Blog: Seeing the Light: Inspiring Science at Space Place

Telescope Tour

By Rebecca John, Space Place Educator, Museums Wellington

Seeing the Light: Inspiring Science at Space Place

“It’s a galaxy – it’s a cell. Oh look, it’s the water bear!” Young voices rose and reverberated through the room as another school holiday programme unfolded this April at Space Place, Carter Observatory. Lenses and Light shone the spotlight on discovering macro and micro worlds, thanks to imagery captured by telescopes and microscopes. Inspired by the Semi-Conductor exhibition at City Gallery Wellington, young people challenged their observational skills from satellites and stars to microbes and minerals.

The day began with a starry vision in the full-dome planetarium. The film, We Are Astronomers, invited the children on a voyage into the night sky and beyond. Young viewers were transported around the world, joining astronomers’ quests to discover the mysteries of the universe: from Hawaii’s Mauna Kea observatory to NASA’s rocket launch pad in Florida and CERN’s Large Hadron Collider in Switzerland.

Image Credit: SPCarterObservatory

A visit to the Thomas Cooke Telescope housed at Space Place followed next. The refractor telescope uses lenses to focus on distant objects in the night sky. Originally manufactured in England in 1867 by T. Cooke & Sons, it was built for Edward Crossley, a wealthy industrialist with a passion for astronomy. In 1905, Reverend Dr. David Kennedy purchased and shipped it to the Meeanee Observatory near Napier. Purchased for £2000 by the Wellington City Council, in 1923 the telescope was moved yet again. The Thomas Cooke telescope has been based at Space Place, Carter Observatory since 1941. At present, the public can experience looking through this telescope on Tuesday, Friday and Saturday evenings, providing the weather is fine.

Image Credit: SPCarterObservatory

After exploring the interactive gallery space, the children were soon to discover the magic of light and the images they could create. Light rays danced on the table as they experimented with an assortment of convex and concave lenses. A chance to look through microscopes and telescopes further showed how lenses capture and focus light rays to then magnify the image for viewing. An exhibit of macro and micro visuals challenged viewers as to what they were looking at.

Top row left to right: Plagiomnium Affine Laminazellen, Celestial Official Hubble, DsDNA Antibodies. Middle row left to right: Jupiter Cylindrical Map, Pollen grains, Pleiades Bottom row left to right: Granite slice, Schmidt Martian Crater, Andromeda Galaxy References: Kristian Peters, NASA/ESA The Hubble Heritage Team, Image Credit: Simon Caulton, Frank Fox, NASA/JPL Space Science Institut, NASA, ESA, AURA, Caltech/Palomar, Observatory, Heiti Paves, Stekeisen, NASA, Adam Evans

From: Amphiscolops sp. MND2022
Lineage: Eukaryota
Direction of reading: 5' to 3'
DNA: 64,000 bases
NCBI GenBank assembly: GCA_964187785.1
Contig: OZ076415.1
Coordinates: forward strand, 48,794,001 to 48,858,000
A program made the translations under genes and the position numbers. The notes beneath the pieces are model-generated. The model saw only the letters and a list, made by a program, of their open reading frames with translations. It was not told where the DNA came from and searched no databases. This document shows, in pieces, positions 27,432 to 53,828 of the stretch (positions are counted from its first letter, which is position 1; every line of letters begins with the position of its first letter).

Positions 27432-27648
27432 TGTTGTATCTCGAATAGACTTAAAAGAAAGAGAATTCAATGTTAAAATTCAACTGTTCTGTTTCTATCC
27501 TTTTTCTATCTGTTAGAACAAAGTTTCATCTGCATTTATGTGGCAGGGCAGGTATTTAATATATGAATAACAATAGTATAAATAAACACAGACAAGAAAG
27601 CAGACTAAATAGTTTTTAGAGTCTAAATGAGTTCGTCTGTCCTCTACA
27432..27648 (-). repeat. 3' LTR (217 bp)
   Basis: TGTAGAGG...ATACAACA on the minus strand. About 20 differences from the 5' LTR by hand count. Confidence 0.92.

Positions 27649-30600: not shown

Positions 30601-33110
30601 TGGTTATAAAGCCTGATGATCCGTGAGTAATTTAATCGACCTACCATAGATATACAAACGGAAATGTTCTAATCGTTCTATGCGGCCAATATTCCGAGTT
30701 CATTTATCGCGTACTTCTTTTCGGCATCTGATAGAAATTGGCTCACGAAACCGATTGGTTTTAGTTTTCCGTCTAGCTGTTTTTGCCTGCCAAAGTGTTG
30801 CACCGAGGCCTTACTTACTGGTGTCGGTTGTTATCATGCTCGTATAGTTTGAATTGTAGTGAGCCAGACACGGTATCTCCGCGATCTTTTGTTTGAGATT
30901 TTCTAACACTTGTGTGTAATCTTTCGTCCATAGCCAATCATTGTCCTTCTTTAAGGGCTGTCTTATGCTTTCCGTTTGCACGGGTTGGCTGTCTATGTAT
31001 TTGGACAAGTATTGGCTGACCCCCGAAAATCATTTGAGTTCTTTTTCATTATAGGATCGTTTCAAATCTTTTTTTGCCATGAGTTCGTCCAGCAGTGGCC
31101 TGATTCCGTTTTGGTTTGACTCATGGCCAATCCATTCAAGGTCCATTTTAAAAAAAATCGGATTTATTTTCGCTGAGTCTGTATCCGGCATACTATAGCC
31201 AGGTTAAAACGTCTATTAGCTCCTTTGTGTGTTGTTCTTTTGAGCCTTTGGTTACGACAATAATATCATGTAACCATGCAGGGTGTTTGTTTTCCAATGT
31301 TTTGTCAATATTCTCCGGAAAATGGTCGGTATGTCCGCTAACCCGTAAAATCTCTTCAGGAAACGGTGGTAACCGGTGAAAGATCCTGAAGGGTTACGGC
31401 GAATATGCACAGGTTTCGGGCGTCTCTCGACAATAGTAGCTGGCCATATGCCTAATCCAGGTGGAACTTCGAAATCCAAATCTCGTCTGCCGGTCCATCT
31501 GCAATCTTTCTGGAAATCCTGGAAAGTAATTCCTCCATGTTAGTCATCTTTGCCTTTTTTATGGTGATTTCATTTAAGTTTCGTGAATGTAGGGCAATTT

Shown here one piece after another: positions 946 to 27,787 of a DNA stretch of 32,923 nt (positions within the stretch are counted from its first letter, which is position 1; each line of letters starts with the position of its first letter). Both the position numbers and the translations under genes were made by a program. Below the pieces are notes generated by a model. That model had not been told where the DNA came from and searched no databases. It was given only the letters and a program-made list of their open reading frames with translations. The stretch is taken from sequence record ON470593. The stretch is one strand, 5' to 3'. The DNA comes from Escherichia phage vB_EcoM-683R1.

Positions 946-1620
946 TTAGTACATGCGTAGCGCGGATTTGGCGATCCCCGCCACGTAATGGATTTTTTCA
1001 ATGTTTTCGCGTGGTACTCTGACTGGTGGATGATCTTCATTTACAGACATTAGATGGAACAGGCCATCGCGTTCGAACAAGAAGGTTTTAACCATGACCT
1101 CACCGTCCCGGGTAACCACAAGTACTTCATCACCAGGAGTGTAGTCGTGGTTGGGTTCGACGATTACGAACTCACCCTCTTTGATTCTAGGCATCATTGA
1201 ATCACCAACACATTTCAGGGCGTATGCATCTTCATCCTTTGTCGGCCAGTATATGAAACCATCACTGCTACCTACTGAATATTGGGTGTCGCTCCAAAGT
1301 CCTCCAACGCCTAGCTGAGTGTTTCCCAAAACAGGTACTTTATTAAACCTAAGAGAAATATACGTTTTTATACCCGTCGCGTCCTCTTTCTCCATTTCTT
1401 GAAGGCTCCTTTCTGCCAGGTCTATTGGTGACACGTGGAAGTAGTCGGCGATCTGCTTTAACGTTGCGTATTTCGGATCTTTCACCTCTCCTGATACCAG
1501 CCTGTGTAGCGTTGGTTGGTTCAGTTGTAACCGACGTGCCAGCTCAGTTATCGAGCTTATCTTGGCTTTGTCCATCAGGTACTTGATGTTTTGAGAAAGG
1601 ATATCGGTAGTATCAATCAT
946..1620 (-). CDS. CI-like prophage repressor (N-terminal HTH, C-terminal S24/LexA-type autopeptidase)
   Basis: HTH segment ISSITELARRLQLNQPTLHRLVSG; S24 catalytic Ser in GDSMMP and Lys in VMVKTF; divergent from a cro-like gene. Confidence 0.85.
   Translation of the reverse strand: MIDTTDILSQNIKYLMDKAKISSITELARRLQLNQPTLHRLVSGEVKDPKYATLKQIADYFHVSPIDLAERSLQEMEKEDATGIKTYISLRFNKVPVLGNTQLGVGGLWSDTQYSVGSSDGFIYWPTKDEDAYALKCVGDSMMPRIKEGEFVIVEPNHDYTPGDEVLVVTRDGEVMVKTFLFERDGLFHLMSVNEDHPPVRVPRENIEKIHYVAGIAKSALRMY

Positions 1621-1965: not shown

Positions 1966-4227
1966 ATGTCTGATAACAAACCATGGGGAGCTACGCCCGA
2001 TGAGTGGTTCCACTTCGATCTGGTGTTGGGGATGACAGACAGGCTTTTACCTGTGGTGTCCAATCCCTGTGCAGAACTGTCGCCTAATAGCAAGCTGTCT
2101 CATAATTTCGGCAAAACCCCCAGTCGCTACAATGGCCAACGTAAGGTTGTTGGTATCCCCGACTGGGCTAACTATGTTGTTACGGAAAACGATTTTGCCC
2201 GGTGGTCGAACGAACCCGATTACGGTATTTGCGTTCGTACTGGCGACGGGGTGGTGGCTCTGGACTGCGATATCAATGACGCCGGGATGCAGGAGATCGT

Inspired by the visuals, the children then made sun-catchers as part of their arts and crafts activities. The goal was to re-create a macro or micro world as viewed through a telescope or microscope. Images of planets, stars, galaxies, minerals and cells came to life as paint was swirled and mixed to create the desired colours and patterns. Shining a light source or capturing sunrays behind the sun-catcher then brought the colours to life.

Top left clockwise: Galaxy, Io, Star, Granite, Sun, Stars Image Credits: R. John

While the sun-catchers were drying, the children were challenged to a treasure hunt in the gallery. The aim was to find tardigrades, otherwise known as water bears. With the astrobiology programme being further developed at Space Place, these sorts of microscopic creatures create excitement for potential life forms to exist on other planets and moons.

Image Credit: R. John

The water bear is an extremophile and can survive in extreme environments – from high and low temperatures and pressures to high doses of radiation. And if that is not enough, they are the first known animal to have survived in a vacuum of space for over a week. The water bear may be small (approximately 0.5mm in size), but it has a big endurance – and, so did the children in their quest to find the eight water bears hiding in the gallery.

I’m called a tardigrade or water bear
I live in places where you would fear
From icy mountains to deep seas
Look for water to find me please!

Your second clue will be a surprise
You have to look hard, I can disguise
I’m about one millimetre in size
And read library books to stay wise

I can survive days in outer space
Look through a lens to find my place
This telescope was built in 1867
To look far into the starry heaven

Image Credit: Frank Fox

The water bear was so popular that the children were keen to make their own, and another arts and crafts activity unfolded. Lenses and Light explored macro and micro worlds, and the art of science inspired young minds to remain curious and creative.  Get ready for the launch of another action-packed holiday programme in July 2019.  As we celebrate humanity’s journey to the Moon, we’ll be bringing the Moon to children in the July school holiday programme